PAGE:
A tale of USC — Major, Ali Aintrazi, SCG Syracuse, and myself.
Amanda Stevens

It’s clear that there’s two kinds of people involved in this story:

  • The first is someone who made a mistake, said something inappropriate without thinking of the consequences, then tried everything they could to correct themselves when they appropriately got into trouble.
  • The second is someone who was hurt, appropriately by said comment, then refused to heed an apology, and instead inappropriately escalated the issue disregarding their role to play in an altercation.

See, it’s quite simple — Ali may have made a horrible mistake, but he’s not a genuinely horrible person. The victim, on the other hand, believes:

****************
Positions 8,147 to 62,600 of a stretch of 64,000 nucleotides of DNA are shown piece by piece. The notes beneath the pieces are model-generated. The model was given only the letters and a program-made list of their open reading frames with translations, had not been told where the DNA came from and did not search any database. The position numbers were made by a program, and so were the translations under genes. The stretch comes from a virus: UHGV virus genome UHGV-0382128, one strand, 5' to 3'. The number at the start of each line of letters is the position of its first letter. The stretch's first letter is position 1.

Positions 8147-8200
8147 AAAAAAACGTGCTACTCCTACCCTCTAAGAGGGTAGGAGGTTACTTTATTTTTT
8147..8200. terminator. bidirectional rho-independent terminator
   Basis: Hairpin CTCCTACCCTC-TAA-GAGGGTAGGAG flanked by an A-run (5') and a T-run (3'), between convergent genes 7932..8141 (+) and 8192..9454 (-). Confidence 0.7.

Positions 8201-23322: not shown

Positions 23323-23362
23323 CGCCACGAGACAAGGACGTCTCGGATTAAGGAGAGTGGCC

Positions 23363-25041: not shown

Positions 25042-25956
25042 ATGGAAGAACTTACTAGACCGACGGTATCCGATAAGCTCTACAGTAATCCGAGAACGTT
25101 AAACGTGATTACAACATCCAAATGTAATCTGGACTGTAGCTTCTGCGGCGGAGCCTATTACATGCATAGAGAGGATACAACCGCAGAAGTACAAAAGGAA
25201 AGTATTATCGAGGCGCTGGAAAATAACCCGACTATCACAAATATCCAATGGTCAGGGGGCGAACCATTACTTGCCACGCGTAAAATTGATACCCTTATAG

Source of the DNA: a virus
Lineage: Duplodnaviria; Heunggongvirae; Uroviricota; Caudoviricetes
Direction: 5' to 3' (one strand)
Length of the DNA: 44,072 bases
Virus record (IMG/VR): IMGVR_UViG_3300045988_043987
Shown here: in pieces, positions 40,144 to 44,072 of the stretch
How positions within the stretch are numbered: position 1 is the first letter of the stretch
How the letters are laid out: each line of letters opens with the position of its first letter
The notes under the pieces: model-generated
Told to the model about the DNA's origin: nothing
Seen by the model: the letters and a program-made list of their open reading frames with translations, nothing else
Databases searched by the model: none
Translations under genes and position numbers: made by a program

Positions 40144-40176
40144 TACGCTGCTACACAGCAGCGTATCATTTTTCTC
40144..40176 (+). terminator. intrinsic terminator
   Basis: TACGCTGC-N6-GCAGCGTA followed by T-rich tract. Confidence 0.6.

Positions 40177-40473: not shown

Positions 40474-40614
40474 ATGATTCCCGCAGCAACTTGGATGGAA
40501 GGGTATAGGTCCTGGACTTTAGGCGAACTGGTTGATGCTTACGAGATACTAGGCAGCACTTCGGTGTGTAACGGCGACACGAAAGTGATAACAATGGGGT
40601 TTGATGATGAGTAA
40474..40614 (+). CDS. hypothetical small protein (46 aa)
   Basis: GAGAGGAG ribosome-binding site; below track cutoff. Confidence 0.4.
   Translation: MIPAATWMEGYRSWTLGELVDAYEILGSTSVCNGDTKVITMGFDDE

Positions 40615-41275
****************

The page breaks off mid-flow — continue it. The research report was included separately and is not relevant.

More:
“As the victim in the matter I don’t owe Ali anything. I don’t have to accept his apology. I do not have to give him the benefit of the doubt. I don’t have to be someone’s teachable moment.”

This illuminates the character of this victim. If someone, even unintentionally, hurts someone — they can be forever damned for something they didn’t even know they did. That’s the perspective of a horrible person.

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